the science

studying the Age, Health, history, and genetics of Boulder’s apple trees.


 

Our remaining apple trees not only hold vast potential to unlock fascinating historical and cultural narratives, they provide genetic resources that convey disease resistance or tolerance to environmental stressors and offer an important potential local food resource. These benefits are particularly strong with apples since you can take a graft of a historic tree and preserve it for future generations in urban orchards, with great potential to provide multiple ecosystem services in the future.

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Evaluating diversity, health, and potential

We collect all kinds of data on the trees surveyed in the project. Data that shed light on the age and health of the tree, on the type and flavor of the apples, and the genetic diversity that it offers to future populations. Here we explore some of our primary data types and what we hope to learn.

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Location

Our quest for the lost apples of Boulder County has begun. In 2018, we located nearly 300 trees and collected biological data on almost 200 trees. We are building GPS maps, spanning public and private land, to understand where these trees still stand in and around Boulder County. Join our efforts to find and map all of the remaining apple trees.

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Age & Health

Old apple trees often have rotting or hollowed trunks so taking core samples for exact tree ring dating is challenging. To get relative tree age estimates, we measure the trunk diameter and use historical information to assign approximates dates to when the cultivars may have been planted. We are also collecting information about insect use of the fruits, state of trunk rot, and symptoms of fireblight, a bacterial disease that can be destructive to the trees.

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Fruit flavors & morphology

In the lab, we assess the flavor, shape, texture, and colors of each tree’s apples. We measure the sugar content in the fruits, which is important for their culinary and cider-making potential. We also photograph cross sections of the apples in the US Department of Agriculture style, so we can compare with their reference photos.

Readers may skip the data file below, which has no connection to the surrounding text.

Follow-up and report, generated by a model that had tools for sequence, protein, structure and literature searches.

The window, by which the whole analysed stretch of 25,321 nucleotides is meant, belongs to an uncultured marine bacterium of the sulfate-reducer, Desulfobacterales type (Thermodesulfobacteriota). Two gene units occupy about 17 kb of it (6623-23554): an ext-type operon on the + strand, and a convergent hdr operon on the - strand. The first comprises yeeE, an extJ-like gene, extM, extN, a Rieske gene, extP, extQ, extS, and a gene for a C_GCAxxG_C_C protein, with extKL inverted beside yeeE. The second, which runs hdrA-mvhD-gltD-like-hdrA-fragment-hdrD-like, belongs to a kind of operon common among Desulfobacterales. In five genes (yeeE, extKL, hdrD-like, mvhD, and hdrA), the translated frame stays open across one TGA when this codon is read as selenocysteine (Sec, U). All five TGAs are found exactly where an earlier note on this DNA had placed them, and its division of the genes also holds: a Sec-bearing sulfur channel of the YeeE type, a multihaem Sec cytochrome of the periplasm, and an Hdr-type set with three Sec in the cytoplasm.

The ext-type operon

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Cultivar identification

Apples are notoriously tricky to identify, as some apples look the same but are different cultivars, while others look very different but are actually the same. We extract DNA from the leaves of the tree, to sequence the genes and compare to the USDA genetic reference collection. The fruit and tree characteristics we’ve collected help us cross-check the genetic identification and learn more about trait variability within a cultivar.

 

Submit your tree for sampling!

 

If you have an apple or crabapple tree in your yard or know of one on public property, please submit information about it here! We collect leaf samples (and fruit, if possible) from each of the trees that we sample, to build a database on the genetics, phenology, disease, and age of the trees around town. We are particularly interested in heirloom varieties of apples that were planted on Boulder's early homesteads.

 
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Get involved

We would love your help with ecological research!


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join our fall 2019 cure at cu-boulder!

In Fall 2019, we are offering our first CURE for CU-Boulder incoming freshman and transfer students: EBIO 1250. The first round of this course features three research branches that students can choose from: 1) Research on the urban ecology of apple trees including effects of urban heat islands on tree growth, 2) Investigations on the effect of the shifting climate on apple tree phenology and physiology, or 3) Genetic explorations of the basis of fruit characteristics such as sweetness or bitterness. For questions about the course or to enroll, contact Lisa Corwin.


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join our bridge program at Front Range Community College!

FRCC students are invited to participate in the first annual Boulder Apple Tree Project bridge program. Students who are accepted into the program will spend the first three weeks in August 2019 working on a research project that seeks to map where historic apple trees are located, determine environmental influences on tree growth, and identify the genetic variety/cultivar of trees. Stipends of $800 will be awarded for 20 hours of engagement/week for 3 weeks (60 hours total) in August 2019. For questions about the program or to apply, contact Lisa Corwin.


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Collect your own fruit and leaf samples!

The information you collect about the tree and fruit characteristics will help us identify cultivars and compare fruit ripening among trees. Identifying cultivars is the first step to understanding the diversity of apple trees we have in Boulder and will allow us to explore research questions about how differences in the local environment and climate change may affect these historical trees in our community.

 
 

have you Completed a fruit / leaf sample?

drop it off at one of these locations:

INSTAAR main office. Room N202
CU-Boulder East Campus
Sustainability, Energy and Environment Complex

4001 Discovery Drive
Boulder, CO 80303

(303) 492-6387
Monday- Friday 8am-5pm

 

CU Museum of Natural History front desk
CU-Boulder Main Campus
Henderson Building

15th and Broadway
Boulder, CO, 80309

(303) 492-6892
Monday- Friday 9am-5pm